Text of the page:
Nutrition education ranks as top priority for potato growers, ass

03/10/2014 03:29:00 PM
Melissa Shipman

The nutrition message for potatoes is still a strong focus for promotions. Growers and associations have both placed nutrition education at the top of their priority lists.

“This year, our overarching strategic imperative is to communicate that potatoes are not fattening,” said Meredith Myers, U.S. Potato Board public relations manager.

The Denver-based board has several audience-specific goals, although the basic message is the same. Marketing efforts revolve around debunking the myth that potatoes are unhealthy and fattening.

“When talking to retailers, our message is a little different than when we’re talking to consumers, although our consistent message is that potatoes are versatile, tasty, convenient, and a nutritional powerhouse,” Myers said.

One important audience group for the nutritional message of potatoes are athletes.

The U.S. Potato Board also works to convey their nutritional message to athletes, although they don’t have a dedicated program for this.

“We offer information on the importance of carbs and other nutrition messages,” Myers said.

She said the Olympics were a good time to highlight potatoes as being a good fuel source for athletes.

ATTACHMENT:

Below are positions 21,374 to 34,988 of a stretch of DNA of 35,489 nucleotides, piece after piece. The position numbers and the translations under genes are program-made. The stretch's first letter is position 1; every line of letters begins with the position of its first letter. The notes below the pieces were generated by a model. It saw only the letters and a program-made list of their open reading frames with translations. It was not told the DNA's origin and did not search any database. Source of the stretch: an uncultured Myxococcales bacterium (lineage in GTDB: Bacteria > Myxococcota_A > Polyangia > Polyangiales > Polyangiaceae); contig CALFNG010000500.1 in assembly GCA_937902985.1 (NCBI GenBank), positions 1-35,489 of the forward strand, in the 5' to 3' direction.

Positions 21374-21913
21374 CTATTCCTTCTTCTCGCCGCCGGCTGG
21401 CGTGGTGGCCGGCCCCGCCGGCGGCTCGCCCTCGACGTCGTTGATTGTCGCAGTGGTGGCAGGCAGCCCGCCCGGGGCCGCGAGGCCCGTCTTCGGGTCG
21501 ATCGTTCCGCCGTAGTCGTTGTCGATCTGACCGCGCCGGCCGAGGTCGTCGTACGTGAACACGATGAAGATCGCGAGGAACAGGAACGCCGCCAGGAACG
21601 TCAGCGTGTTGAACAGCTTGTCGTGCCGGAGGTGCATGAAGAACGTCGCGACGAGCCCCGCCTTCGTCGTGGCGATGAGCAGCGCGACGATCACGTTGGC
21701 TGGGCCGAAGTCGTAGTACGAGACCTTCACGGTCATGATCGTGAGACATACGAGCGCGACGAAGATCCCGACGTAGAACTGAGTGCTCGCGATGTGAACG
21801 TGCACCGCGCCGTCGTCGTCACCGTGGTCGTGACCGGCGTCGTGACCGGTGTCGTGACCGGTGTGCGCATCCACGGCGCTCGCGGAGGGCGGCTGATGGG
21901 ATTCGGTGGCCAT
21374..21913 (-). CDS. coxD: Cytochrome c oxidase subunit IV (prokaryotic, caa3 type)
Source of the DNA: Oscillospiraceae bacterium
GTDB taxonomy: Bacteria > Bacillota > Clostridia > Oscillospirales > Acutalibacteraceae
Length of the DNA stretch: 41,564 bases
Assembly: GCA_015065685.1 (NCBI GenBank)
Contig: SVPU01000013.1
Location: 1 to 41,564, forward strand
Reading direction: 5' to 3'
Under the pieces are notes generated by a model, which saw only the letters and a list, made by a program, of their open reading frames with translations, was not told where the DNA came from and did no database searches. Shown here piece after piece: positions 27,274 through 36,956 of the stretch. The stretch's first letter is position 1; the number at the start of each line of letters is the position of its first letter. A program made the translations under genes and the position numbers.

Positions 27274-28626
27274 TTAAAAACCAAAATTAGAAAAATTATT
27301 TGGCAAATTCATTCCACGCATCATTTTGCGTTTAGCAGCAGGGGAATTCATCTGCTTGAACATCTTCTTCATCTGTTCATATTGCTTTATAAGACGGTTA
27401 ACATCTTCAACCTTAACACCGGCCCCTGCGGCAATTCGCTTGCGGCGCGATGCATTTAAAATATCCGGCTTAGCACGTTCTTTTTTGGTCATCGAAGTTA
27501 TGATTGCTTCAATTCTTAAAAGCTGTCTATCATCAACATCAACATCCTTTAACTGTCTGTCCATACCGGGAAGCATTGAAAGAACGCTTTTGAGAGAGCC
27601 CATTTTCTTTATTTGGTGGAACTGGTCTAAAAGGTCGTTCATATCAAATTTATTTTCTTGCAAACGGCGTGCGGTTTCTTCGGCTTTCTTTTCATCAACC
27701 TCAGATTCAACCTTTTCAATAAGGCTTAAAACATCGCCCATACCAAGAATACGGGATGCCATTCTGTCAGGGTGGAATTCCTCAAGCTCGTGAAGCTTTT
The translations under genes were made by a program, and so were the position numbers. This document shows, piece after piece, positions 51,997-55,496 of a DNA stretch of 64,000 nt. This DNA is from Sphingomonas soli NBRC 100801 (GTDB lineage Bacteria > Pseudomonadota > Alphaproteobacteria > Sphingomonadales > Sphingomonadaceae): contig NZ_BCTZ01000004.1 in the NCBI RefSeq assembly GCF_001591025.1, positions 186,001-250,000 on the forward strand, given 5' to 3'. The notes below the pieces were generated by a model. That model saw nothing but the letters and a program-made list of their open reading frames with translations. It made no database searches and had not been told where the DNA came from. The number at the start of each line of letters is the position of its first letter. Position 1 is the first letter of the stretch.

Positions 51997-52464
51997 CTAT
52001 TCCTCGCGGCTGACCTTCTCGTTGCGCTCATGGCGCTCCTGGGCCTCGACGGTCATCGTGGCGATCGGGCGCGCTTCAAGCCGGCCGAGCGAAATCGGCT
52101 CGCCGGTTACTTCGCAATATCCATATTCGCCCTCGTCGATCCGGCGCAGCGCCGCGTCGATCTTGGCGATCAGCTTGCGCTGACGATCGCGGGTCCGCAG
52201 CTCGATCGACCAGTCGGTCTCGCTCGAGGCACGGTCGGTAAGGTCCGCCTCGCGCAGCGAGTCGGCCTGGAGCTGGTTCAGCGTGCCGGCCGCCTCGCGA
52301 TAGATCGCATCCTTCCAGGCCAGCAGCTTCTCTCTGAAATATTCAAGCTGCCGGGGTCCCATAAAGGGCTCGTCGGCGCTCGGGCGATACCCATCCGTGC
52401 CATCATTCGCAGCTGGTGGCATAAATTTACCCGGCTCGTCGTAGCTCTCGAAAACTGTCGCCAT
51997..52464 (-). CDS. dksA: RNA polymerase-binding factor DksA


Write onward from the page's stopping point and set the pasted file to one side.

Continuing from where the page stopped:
The board also focuses on communicating its healthy message in other arenas.

For the retail-specific arena, Myers said the board provides category optimization programs and other resources.

The board also works closely with registered dietitians to convey the health message to consumers.

“We empower those RDs in a number of different ways,” she said. “In order to support those folks, we need to offer resources that are immediately usable at the point of sale.”

The board offers consumer-facing recipe cards, information sheets about weight management, and information on potassium and nutrition,” Myers said.

For foodservice, the board’s annual Culinary Institute of America event at the end of October has influenced menu adjustments for the past several months.

“The legislation that requires restaurants to post calorie-counts on menus gave us the opportunity to show chefs that potatoes are actually a low-calorie option,” Myers said.

Since the event, Myers says the board has seen countless new potato recipes as well as several significant efforts to include more potatoes on major menus.

“One distributor added a potato section to a weekly farm report. One university chef added potato items to his special events menu, and a major retailer developed a new potato salad for its prepared food section,” she said.



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